We analyze big data (large volume of information) to reveal patterns and trends associated with human behavior and interactions that can lead to better decisions and strategic business moves. As a result of our data science work, our clients are able to make informed and valuable decisions to positively impact their bottom lines. We classify revenue as data science that includes polling, research, modeling, data fees, consulting and reporting. Contracts are generated to assure both the Company and the client are committed to partnership and both agree to the defined terms and conditions and are typically less than one year. Transaction pricing is usually a lump sum, which is estimated by specific project requirements. The Company recognizes revenue when performance obligations are met, including, when the data sciences service is performed, polling is conducted, or support hours are expended. If the data sciences service is a fixed fee retainer, then the obligation is earned at the end of the period, regardless of how much service is performed.

Creative Design

We provide branding and creative design services, which we believe, set apart our clients from their competitors and establish them in their specific markets. We believe in showcasing our clients’ brands uniquely and creatively to infuse the public with curiosity to learn more. We classify revenue as creative design that includes branding, photography, copyrighting, printing, signs and interior design. Contracts are generated to assure both the company and the client are committed to partnership and both agree to the defined terms and conditions and are typically less than one year. The Company recognizes revenue when performance obligations

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are met, usually when creative design services obligations are complete, when the hours are recorded, designs are presented, website themes are complete, or any other criteria as mutually agreed.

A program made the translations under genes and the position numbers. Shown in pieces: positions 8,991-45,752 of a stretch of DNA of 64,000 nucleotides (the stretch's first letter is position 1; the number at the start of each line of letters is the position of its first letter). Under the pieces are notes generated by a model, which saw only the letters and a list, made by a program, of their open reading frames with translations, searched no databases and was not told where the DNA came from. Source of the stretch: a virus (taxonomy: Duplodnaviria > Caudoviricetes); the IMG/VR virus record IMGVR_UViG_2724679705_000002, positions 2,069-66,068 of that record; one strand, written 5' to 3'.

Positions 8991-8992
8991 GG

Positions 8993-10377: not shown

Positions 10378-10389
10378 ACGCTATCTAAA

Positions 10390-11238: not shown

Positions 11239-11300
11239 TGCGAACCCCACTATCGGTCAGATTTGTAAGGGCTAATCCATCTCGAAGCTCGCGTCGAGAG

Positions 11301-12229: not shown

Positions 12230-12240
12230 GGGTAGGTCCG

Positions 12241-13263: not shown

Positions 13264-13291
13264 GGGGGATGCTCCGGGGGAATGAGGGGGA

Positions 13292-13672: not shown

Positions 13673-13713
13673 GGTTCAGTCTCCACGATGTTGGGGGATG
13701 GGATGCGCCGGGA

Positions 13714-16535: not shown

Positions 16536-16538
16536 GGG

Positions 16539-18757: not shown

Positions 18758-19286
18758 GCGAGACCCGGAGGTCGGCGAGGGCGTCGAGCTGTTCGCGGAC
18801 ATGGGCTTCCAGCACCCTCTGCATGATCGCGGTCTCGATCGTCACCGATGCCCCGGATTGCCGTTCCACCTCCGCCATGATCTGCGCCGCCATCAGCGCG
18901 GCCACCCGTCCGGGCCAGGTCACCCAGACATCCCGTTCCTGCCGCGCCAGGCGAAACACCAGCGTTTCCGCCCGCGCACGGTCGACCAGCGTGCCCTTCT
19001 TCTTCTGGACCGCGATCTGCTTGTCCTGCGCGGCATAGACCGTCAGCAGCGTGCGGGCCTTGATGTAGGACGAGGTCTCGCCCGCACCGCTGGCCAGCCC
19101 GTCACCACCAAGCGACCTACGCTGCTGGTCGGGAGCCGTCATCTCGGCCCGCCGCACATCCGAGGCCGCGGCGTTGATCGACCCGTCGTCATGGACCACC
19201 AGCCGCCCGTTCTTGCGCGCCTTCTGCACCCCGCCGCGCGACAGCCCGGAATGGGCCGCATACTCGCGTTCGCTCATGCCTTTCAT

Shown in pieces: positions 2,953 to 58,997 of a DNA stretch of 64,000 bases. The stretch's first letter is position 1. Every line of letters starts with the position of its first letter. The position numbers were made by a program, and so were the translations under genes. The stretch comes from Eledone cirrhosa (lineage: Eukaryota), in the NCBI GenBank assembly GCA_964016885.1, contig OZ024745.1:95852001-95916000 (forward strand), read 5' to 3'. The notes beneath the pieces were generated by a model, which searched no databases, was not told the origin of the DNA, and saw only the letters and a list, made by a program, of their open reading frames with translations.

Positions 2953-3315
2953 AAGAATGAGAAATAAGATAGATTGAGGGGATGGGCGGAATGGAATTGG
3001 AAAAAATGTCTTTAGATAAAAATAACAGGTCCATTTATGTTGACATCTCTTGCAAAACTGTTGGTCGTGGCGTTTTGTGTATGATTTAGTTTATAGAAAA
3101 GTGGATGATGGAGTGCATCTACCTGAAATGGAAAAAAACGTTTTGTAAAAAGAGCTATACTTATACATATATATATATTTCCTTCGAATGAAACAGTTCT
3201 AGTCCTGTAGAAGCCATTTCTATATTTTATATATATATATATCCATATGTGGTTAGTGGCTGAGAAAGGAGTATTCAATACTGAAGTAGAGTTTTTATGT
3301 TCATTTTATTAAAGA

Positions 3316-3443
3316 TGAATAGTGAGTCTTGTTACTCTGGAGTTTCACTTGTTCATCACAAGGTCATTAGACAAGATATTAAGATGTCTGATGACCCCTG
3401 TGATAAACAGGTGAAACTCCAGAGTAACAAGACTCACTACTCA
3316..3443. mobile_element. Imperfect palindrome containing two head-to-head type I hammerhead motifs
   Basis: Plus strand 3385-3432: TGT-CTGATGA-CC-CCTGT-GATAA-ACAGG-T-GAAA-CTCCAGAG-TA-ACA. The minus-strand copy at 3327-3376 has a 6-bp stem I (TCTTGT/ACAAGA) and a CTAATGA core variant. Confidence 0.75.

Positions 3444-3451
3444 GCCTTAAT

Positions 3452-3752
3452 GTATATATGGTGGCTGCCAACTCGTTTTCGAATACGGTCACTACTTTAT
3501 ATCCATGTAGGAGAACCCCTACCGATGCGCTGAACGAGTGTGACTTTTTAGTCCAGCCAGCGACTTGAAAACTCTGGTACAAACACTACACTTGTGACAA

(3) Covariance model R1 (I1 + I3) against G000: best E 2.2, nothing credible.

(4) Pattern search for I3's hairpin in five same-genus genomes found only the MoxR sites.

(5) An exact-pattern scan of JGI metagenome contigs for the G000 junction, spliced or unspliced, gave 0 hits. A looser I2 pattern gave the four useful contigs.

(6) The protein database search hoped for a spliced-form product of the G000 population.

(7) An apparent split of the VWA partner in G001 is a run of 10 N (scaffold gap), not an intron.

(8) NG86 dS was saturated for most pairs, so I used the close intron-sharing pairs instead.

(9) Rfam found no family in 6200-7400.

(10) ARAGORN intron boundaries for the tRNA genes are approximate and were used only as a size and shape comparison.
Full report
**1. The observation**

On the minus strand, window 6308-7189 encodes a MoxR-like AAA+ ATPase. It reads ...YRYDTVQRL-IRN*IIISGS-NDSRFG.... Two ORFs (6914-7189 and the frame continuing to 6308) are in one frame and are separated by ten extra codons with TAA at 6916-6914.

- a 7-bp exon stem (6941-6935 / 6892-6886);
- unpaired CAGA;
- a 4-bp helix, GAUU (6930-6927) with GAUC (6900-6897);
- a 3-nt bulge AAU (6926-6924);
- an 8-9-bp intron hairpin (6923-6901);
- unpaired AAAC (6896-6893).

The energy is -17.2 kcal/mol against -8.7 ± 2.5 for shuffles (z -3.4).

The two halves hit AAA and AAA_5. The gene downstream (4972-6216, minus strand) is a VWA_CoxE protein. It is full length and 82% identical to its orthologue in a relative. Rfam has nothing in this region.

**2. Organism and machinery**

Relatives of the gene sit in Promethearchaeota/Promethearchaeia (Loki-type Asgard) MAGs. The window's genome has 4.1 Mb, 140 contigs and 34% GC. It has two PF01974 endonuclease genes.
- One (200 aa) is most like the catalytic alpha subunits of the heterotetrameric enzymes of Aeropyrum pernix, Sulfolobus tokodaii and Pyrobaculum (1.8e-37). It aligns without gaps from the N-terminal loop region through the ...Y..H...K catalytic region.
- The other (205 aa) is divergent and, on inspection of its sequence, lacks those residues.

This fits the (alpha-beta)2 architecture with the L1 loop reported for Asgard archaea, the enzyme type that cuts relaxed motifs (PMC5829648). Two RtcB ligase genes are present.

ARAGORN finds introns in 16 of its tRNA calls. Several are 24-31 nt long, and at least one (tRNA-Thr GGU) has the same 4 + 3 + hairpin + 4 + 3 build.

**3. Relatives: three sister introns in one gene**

Web Development

We develop websites that attract high levels of traffic for our clients. We offer our clients the expertise to manage and protect their website, and the agility to adjust their online marketing strategy as their business expands. We classify revenue as web development that includes website coding, website patch installs, ongoing development support and fixing inoperable sites. Contracts are generated to assure both the company and the client are committed to the partnership and both agree to the defined terms and conditions. Although most projects are long-term (6-8 months) in scope, we do welcome short-term projects which are invoiced as the work is completed at a specified hourly rate. In addition, we offer monthly hosting support packages, which ensures websites are functioning properly. The Company records web development revenue as earned, when the developer hours are recorded (if T&M arrangements) or when the milestones are achieved (if a milestone arrangement).

Digital Marketing

We have a reputation for providing digital marketing services that get results. We classify revenue as digital marketing that includes ad spend, SEO management and digital ad support. Billable hours and advertising spending are estimated based on client specific needs and subject to change with client concurrence. Revenue is recognized when ads are run on one of the third-party platforms or when the hours are recorded by the digital marketing specialist, if the obligation relates to support or services.

Other

We offer services that do not fit into the other four categories but rely heavily on the “other” services to provide the entire support package for our clients. Included in this category are domain name management, account management, web hosting, client training, and partner commissions. Revenue is recognized for these services as the service is performed (such as account management or training) or during the month in which the service was provided (such as hosting, partner commissions and domain name registration).

Included in creative design and digital marketing revenues are costs that are reimbursed by our clients, including third party services, such as photographers and stylists, furniture, supplies, and the largest component, digital advertising. We have determined, based on our review, that the amounts classified as reimbursable costs should be recorded as gross (principal), due to the following factors:

-The Company is the primary obligor in the arrangement;
-We have latitude in establishing price;
-We have discretion in supplier selection; and
-The Company has credit risk

During the three months ended March 31, 2021 and 2020, we included $684,561 and $1,925,953 respectively, in revenue, related to reimbursable costs.

The deferred revenue and customer deposits as of March 31, 2021 and December 31, 2020 were $921,092 and $841,290, respectively.

For the three months ended March 31, 2021 and 2020 (unaudited), revenue was disaggregated into the six categories as follows:

  Three months ended March 31, 2021 (unaudited) Three months ended March 31, 2020 (unaudited)
  Third Parties Related Parties Total Third Parties Related Parties Total